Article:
Is Ireland’s new Number plate / license-plate system really a result of superstition over the number 13?
January 04, 20133 min read
You wouldn’t think triskaidekaphobia, or fear of the number 13, was much of an issue in the modern age, but you’d be wrong – at least if Irish news reports are to be believed.
As of this year, new vehicles in Ireland won’t feature the “controversial” number on their license plates. Independent lawmaker Michael Healy-Rae tabled the idea in Ireland’s parliament and, despite ridicule, it was passed in August and came into force on Jan. 1, 2013.
Until three days ago, Irish license plates read year of registration, county or city, and number of car registered. So the first car registered in Dublin in 2012 would be 12-D-1 and the 4,000th car registered in Cork would be 12-C-4000. There are currently 2 million private cars on Irish roads.
But the advent of 2013 sent a collective shiver through the owners of car dealerships. Or, more accurately, through those who represent them.
Mr. Healy-Rae, for example, worried that even a small drop in car sales brought about by superstition over the number 13 would damage the car-selling industry. So from this year onward, the year will be divided in two, so license plates on cars bought in the first half of this year will read 131 while those sold in the second half will read 132.
This isn’t the first time license plate changes have been contemplated. In 2008, the Green Party, then a junior coalition partner in government, sought to remove the year from display altogether, arguing it encouraged consumerism. Nothing came of the plan, but today, worries are more likely to be that too few cars are sold, rather than too many.
Since Ireland fell into recession, car sales have fallen dramatically. According to industry figures, 2000 saw 224,000 new cars sold, while 2007, the first year of recession, saw 186,000. By the time 2011 rolled around, cars sold clocked just 90,000 — and 17,000 of those were bought as part of the government’s “cash for clunkers” industry stimulation plan. Last year the numbers fell further, with just 80,000 new vehicles driving off lots, though this is arguably a slight improvement on the previous year when you take away the trade-in program.
And therein lies the real reason for the change.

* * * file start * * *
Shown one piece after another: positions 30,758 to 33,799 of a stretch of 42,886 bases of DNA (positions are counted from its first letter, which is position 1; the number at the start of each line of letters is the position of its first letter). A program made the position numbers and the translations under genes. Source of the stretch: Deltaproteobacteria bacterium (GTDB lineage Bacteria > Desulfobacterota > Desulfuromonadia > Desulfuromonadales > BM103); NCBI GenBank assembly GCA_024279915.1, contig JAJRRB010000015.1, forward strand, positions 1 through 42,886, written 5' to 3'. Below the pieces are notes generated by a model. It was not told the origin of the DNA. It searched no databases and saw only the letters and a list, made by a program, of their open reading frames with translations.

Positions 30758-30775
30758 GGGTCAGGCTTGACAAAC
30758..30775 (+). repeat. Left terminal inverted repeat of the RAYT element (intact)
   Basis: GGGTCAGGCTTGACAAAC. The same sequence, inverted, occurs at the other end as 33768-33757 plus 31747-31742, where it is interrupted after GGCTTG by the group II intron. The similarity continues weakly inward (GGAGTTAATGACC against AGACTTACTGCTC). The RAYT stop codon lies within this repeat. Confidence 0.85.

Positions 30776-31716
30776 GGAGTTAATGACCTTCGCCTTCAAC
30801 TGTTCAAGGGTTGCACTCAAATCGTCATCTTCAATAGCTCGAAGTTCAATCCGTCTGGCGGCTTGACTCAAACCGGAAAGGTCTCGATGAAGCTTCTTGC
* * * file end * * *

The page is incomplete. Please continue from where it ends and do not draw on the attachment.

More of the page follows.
Alan Nolan of the Society of the Irish Motor Industry explains that his group has been lobbying for change to the Irish license plate system for five years because it harms sales in the later months of the year.
“80 percent of new car sales occur in the first six months [of the year]. The financial implications of that are huge in terms of financing, and there’s a real danger of [car dealers] turning into seasonal employers,” he says.
Just 317 new cars were sold in Ireland in December 2012, says Nolan.
Still, fear of cars numbered 13 isn’t entirely irrational, he claims: “Some people do find having a number 13 on a car worrying. Some are genuinely superstitious, but you’d expect that to be a relatively small number these days. There is a more practical side to it, and that increases the anxiety: fear that other people are superstitious, making the car harder to sell in the second-hand market.”
Conor Faughnan, policy director of the Automobile Association, Ireland’s equivalent of the American Automobile Assocation, or AAA, says research performed by his organization bore this conclusion out.
“It is possible that the superstition was a small factor. Surprisingly to a convinced rationalist like myself, a small but significant number of people were wary of owning a 13-registered car, but it was primarily about artificially deflating the resale value,” he says.
So, perhaps there is nothing to fear but fear itself after all.
Car dealers, meanwhile, face 2013 with renewed hope.
“In some ways, the unlucky number 13 element turned out to be a lucky coincidence for us in the industry,” says Mr. Nolan.